Through the theory of the Fusional Complex, and with the non-ordinary perception that detects it, we can learn to make transformative discoveries that are rarely possible through usual analytic procedures. And through the cultural and individual examples of The Black Nightgown, we will see that the Fusional Complex is the doorway through which any new form of consciousness and associated self—the structure that bestows a sense of identity and order within human life—must pass.
Synchronicity: The Promise of Coincidence
Based on real-life experiences—Deike Begg’s own and those of her clients—this is a simple and profound exposition of an idea that is often presented through the complicated mystification of physics or philosophy. Begg explores synchronicity as signposts and the universe’s call of destiny. She describes in clear language how to recognize a synchronicity: i.e. if it is not an emotional response to the intersection of two different sorts of time or worlds it is not a synchronicity.
Deike Begg is a Jungian-oriented psychotherapist, an astrologer with a worldwide reputation and practice, Rebirther, and past-life therapist. She is the author of Rebirthing – Freedom from your Past, and co-author with her husband, Ean Begg, of On the Trail of Merlin and In Search of the Holy Grail and the Precious Blood. She is a member of the International Association for Jungian Studies, founding member of C.G. Jung Seminars Scotland and has lectured to Jungian groups all over the world.
Rilke – A Soul History
In the Image of Orpheus tells the inner story of Rilke’s literary career, tracing—step by step—the mythopoetic journey inscribed in the interweaving lines of the poet’s life and art. Blending biography with in-depth analyses of Rilke’s poetry and prose (from his little-known Visions of Christ through the Sonnets to Orpheus), the lively narrative draws upon Hillman and Jung, Plato and Petrarch, Apuleius, Ibn Arabi and Lou Andreas-Salomé, as it unfolds the poet-seer’s vision of the nature and destiny of the human soul—a vision as timely as it is timeless.
“A profound book….The splendid style of the writing, the breadth of cultural erudition, the coherence of the biographical narrative all contribute, but these reflect something of larger import. By focusing the powerful lens of depth psychology on Rilke’s life and work, In the Image of Orpheus carries us deeper into the interior of the poet’s imaginative landscape than ever before. It is difficult to conceive of a study that might bring greater psychological subtlety and spiritual insight to the evolution of this deep-souled poet. One ends with new appreciation of both the power of art in forging a soul, and the centrality of the soul in the creation of great art.”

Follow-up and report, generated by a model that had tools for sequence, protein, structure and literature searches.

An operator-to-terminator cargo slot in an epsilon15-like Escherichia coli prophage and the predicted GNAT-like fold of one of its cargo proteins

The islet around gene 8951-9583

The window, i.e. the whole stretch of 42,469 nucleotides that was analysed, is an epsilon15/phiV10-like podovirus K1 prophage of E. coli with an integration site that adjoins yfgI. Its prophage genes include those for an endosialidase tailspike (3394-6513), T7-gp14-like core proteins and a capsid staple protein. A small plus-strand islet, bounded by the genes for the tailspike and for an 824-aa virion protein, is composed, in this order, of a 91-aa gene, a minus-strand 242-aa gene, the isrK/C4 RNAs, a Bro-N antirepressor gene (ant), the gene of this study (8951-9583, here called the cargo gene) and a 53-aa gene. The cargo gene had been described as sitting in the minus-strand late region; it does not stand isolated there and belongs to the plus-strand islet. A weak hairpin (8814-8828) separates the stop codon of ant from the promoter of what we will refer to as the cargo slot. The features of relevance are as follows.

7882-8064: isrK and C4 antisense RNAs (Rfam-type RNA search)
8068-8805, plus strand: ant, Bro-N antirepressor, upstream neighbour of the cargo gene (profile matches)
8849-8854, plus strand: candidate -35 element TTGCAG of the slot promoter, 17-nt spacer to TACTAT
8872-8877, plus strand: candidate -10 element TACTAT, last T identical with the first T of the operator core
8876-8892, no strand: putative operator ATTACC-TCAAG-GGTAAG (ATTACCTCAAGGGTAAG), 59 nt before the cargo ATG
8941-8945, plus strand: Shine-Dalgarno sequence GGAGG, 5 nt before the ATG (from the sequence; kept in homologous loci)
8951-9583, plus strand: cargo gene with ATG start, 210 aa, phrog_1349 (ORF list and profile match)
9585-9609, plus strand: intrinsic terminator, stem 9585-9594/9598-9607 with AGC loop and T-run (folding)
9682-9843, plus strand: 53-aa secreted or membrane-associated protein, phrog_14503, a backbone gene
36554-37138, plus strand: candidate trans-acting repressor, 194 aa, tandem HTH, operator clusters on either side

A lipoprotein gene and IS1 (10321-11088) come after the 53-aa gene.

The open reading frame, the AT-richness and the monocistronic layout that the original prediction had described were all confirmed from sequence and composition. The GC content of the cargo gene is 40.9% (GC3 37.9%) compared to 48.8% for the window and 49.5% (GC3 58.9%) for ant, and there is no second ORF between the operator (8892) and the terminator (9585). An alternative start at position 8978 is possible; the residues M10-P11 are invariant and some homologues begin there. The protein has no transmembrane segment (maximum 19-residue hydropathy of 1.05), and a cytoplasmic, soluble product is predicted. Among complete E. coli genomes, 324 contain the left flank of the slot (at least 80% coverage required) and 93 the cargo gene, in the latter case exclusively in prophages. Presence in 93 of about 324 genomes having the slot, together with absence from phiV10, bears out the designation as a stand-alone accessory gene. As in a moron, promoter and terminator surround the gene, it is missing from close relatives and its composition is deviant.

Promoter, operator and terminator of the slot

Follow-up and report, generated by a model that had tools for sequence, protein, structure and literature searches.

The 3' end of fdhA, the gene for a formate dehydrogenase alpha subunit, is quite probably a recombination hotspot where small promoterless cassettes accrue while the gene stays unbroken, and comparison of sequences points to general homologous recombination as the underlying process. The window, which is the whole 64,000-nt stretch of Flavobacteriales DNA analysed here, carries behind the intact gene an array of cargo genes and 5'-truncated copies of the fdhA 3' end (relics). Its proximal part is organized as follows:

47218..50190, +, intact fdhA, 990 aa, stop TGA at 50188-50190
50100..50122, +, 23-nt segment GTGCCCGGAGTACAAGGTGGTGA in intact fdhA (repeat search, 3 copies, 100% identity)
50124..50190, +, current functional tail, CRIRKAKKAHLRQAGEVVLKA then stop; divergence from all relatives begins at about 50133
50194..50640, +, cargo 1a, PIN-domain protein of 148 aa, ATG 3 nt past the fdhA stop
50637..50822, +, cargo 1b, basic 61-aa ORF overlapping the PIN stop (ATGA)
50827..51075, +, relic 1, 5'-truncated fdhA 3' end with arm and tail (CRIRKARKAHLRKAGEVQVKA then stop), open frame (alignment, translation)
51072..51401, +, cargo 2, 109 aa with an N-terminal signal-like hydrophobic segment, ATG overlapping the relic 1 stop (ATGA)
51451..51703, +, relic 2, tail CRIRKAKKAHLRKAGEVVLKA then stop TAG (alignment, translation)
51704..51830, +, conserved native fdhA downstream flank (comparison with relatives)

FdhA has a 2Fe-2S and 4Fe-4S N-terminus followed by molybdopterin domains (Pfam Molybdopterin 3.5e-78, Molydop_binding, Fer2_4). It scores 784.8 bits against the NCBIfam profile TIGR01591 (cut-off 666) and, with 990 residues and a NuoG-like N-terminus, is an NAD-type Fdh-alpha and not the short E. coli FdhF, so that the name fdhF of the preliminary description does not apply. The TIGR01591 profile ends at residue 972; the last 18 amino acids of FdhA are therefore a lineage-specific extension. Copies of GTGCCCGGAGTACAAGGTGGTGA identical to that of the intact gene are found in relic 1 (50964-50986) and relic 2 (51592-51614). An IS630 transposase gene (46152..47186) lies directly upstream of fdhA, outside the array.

-Richard Tarnas, author of The Passion of the Western Mind and Cosmos and Psyche
“Equal parts incisive literary criticism and powerful spiritual reflection….Meticulously charting the progress of Rilke’s remarkable and complex poetic achievement, Polikoff traces also Rilke’s passage through a life’s and the soul’s passions….A book for any and every admirer of Rilke’s poetry.”
-David St. John, University of Southern California
Poet, translator, and independent scholar Daniel Polikoff received his Ph.D. in Comparative Literature from Cornell University and his Diploma in Waldorf Education from Rudolf Steiner College. In addition to work in numerous literary journals and anthologies, he has published two collections of poetry (Dragon Ship and The Hands of Stars) as well as Parzival/Gawain: Two Plays, his edited translation of a dramatic version of the Grail legend. Dr. Polikoff has taught literature in Waldorf schools and shared his passion for Rilke in a wide variety of venues, including the Festival of Archetypal Psychology at Notre Dame (where the idea for In the Image of Orpheus was born); the San Francisco Jung Society; and seminars in literary circles. He resides with his wife Monika and two children in the San Francisco Bay area.
On Life’s Journey
C.G. Jung wrote in The Development of Personality, “In every adult there lurks a child—an eternal child, something that is always becoming, is never completed, and calls for unceasing care, attention and education. That is the part of the human personality that wants to develop and become whole.”
In this reflection on life’s journey, Daniel A. Lindley applies the insights gleaned from many years of study of literature and psychoanalysis to show how we are “always becoming” and always obligated to care for that archetypal child. Drawing upon psychological truths expressed by Shakespeare, Wordsworth, Eliot and others, Lindley illuminates the process of individuation through personal experience, art and archetype. From birth to old age, he demonstrates, even in our separateness we share an archetypal ground. Thus, at any point in our lives, “the path we walk is not unknown; it has purpose and direction. We are living out stories that existed long before we did, and will be there long after we are gone.”
Four million teenagers in Canada and the United States use marijuana, a million of them daily. Yet both countries are moving toward legalization because so many of us have heard only the pro-marijuana side. This book presents the case against marijuana on an equal footing:
- The scientific research refuting all the pro-marijuana talking points
- Why marijuana is not safe for adolescents or behind the wheel
- Why legalization would be an economic burden on society and the promise of tax revenue a mirage
- How to spot the misleading language used by pro-legalization partisans
- How the news media helped to create an epidemic of teenage use
- Why de facto decriminalization is better than legalization
- Why marijuana laws that prohibit use are good for the public health
“This book is a must-read for anyone who cares about accuracy and fairness in news coverage.”
Former National President, Society of Professional Journalists
Ed Gogek, MD, an addiction psychiatrist for 30 years, has treated over 10,000 addicts and alcoholics in prisons, homeless clinics, mental health centers and substance abuse treatment programs. His op-eds on addiction and mental health have appeared in the New York Times and more than a dozen major U.S. newspapers. He received medical training in Canada and the United States.